Blogathon Vancouver – 24 Hours, Many Heroes

Yesterday, at the ungodly hour of 6am, several of my Vancouver friends plunged into 24 straight hours of blogging for charity.  Blogathon Vancouver has helped support the efforts of some 20 local charities – from the BC Cancer Foundation and the BC Children’s Hospital to the Vancouver Food Bank and the Federation of BC Writers.  And it’s also introduced the world to some of the most talented and caring people I know.

I was fortunate to guest-blog during the event.

Check out my post for @hummingbird604 on Making the Most of  Twitter in Real Life here.

And I took a slightly lighthearted look at how social media, especially Twitter, can level the playing field for disabled people. Take a look on @ganga_narayanan’s blog here.

For more comprehensive info on Blogathon, visit both @hummingbird604’s and @Miss604’s blogs for starters.  You’ll see references to the many people who participated and the charities they helped.

Next year, I hope to be part of this marvellous group in person.  Great job, everyone!

You are heroes.

Not Your Typical Fish Story…

Vancouver (and social media) have been very good to me.  In less than four months I’ve met wonderful people, and attended amazing Tweetups, meetups, conferences and fundraising events that have enriched my experience here.

Last night, I was privileged to attend the 2nd Annual Red Carpet Soiree in support of the Canadian Red Cross, which celebrates its centennial this year.

I owe this to Twitter.  And a special fish recipe.

A few weeks ago, someone tweeted that Canadian Living Magazine’s Foodie-File blog was giving away two free tickets to the contributor who submitted their favorite fish recipe.  So I sent them my friend Barbara’s halibut and potato stew, which she has made for many a Friday night Shabbat dinner when I lived in California.

And I won!!  I was stunned and thrilled.  You can find the recipe online here.

It was a grand event, held at the incredible Blue Water Cafe and featured limitless seafood, sushi and canapes, and fine wines donated by Mission Hill Family Estate.  My good friend Bonnie and I had a lovely time.

But I want to remind people why we were all there – to demonstrate our support for a revered organization that has done so much for Canadians and citizens of the world for 100 years.  And as usual, Vancouver responded with its customary generosity.  This is an amazing community.  I love it and I’m honored to be part of it.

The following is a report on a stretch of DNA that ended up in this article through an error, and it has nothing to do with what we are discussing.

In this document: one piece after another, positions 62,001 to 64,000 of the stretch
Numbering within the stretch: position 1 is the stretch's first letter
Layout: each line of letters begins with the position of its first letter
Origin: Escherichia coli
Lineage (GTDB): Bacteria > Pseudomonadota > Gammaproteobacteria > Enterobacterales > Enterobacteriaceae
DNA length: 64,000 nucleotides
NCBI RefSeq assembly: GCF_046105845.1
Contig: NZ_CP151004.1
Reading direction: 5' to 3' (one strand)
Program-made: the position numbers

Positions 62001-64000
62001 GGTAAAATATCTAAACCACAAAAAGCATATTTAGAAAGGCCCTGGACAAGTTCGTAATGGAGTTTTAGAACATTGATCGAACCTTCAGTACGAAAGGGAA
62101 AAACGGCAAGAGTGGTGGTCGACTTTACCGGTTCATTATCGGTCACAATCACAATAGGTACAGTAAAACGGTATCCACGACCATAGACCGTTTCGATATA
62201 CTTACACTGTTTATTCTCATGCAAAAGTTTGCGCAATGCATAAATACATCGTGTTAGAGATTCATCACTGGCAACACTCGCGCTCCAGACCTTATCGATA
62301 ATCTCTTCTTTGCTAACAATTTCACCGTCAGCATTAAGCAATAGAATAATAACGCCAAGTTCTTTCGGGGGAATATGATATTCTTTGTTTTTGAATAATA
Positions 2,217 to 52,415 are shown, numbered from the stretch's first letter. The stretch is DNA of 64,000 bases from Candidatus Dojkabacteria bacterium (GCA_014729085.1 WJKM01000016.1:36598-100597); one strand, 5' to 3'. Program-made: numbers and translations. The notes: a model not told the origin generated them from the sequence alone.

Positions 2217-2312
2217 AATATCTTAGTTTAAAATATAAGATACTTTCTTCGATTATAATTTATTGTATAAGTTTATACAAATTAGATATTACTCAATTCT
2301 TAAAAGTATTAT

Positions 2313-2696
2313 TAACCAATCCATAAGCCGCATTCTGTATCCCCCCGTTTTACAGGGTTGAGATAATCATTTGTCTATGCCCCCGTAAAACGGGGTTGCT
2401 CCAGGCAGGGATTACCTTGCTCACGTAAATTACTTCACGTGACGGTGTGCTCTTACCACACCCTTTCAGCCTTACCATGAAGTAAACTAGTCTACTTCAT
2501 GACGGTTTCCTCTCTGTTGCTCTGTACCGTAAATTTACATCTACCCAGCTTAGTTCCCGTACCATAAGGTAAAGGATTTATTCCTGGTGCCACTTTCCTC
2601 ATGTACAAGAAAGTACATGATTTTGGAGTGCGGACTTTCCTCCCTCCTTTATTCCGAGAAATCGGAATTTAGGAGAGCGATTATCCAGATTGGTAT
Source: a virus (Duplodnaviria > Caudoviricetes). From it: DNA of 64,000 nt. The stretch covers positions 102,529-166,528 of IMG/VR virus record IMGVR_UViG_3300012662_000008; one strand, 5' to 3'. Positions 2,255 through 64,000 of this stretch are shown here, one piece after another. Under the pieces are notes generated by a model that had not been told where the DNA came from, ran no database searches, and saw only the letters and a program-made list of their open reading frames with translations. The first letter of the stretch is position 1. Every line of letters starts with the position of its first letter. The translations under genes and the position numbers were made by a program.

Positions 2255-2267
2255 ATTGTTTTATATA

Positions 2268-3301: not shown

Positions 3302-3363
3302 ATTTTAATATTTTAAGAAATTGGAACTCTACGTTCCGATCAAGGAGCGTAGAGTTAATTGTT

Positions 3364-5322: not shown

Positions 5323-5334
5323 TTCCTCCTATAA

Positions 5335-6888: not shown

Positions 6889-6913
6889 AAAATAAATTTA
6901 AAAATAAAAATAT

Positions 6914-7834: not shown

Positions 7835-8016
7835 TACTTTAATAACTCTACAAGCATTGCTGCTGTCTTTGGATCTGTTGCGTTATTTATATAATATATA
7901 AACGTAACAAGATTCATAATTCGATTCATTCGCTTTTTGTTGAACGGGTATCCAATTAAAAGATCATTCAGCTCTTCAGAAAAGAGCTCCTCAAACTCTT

The party may be over, but the need remains.  Check out the Canadian Red Cross website and help them continue their magnificant work into their next century of service.

I’m Back…and Working for a Good Cause

Hi everyone,

Sorry it’s been awhile.  Many things have been happening – lots of them good.  And I’ll be catching you up over the next several days or so. I’m sorry that the busy-ness has taken me away from this blog far longer than I ever wanted, and I’m determined not to let this happen again.

I love talking to you too much

One thing I have been doing is volunteering for a few worthy endeavors.  I’ll be telling you more about them all.  But tomorrow, I’ll be devoting my time to a very important cause  – the Vancouver MentalHealthCamp – that’s outlined below in the press release I wrote.  I’ll also blog as much as I can.

My PR career began in non-profits.  I’ve never forgotten how difficult it is for these organizations to gain mindshare.  I hope my time and efforts can influence others in my field to do the same.  It’s worth every minute.

So read on, and track the day’s events on Twitter under #mhc09.  You’ll see me  – and many others in this giving, caring Vancouver blogging community there.  And feel free to add your voice here, or on the MentalHealthCamp site at  Many people will thank you.

It’s so good to be back:-)

Vancouver’s First MentalHealthCamp Scheduled for April 25

Day-Long ‘Unconference’ to Examine Positive Affects of Social Media in
Mental Health Education, Treatment

VANCOUVER, April 22 /CNW/ – According to the Canadian Mental Health
Association, mental illness indirectly affects all Canadians at some time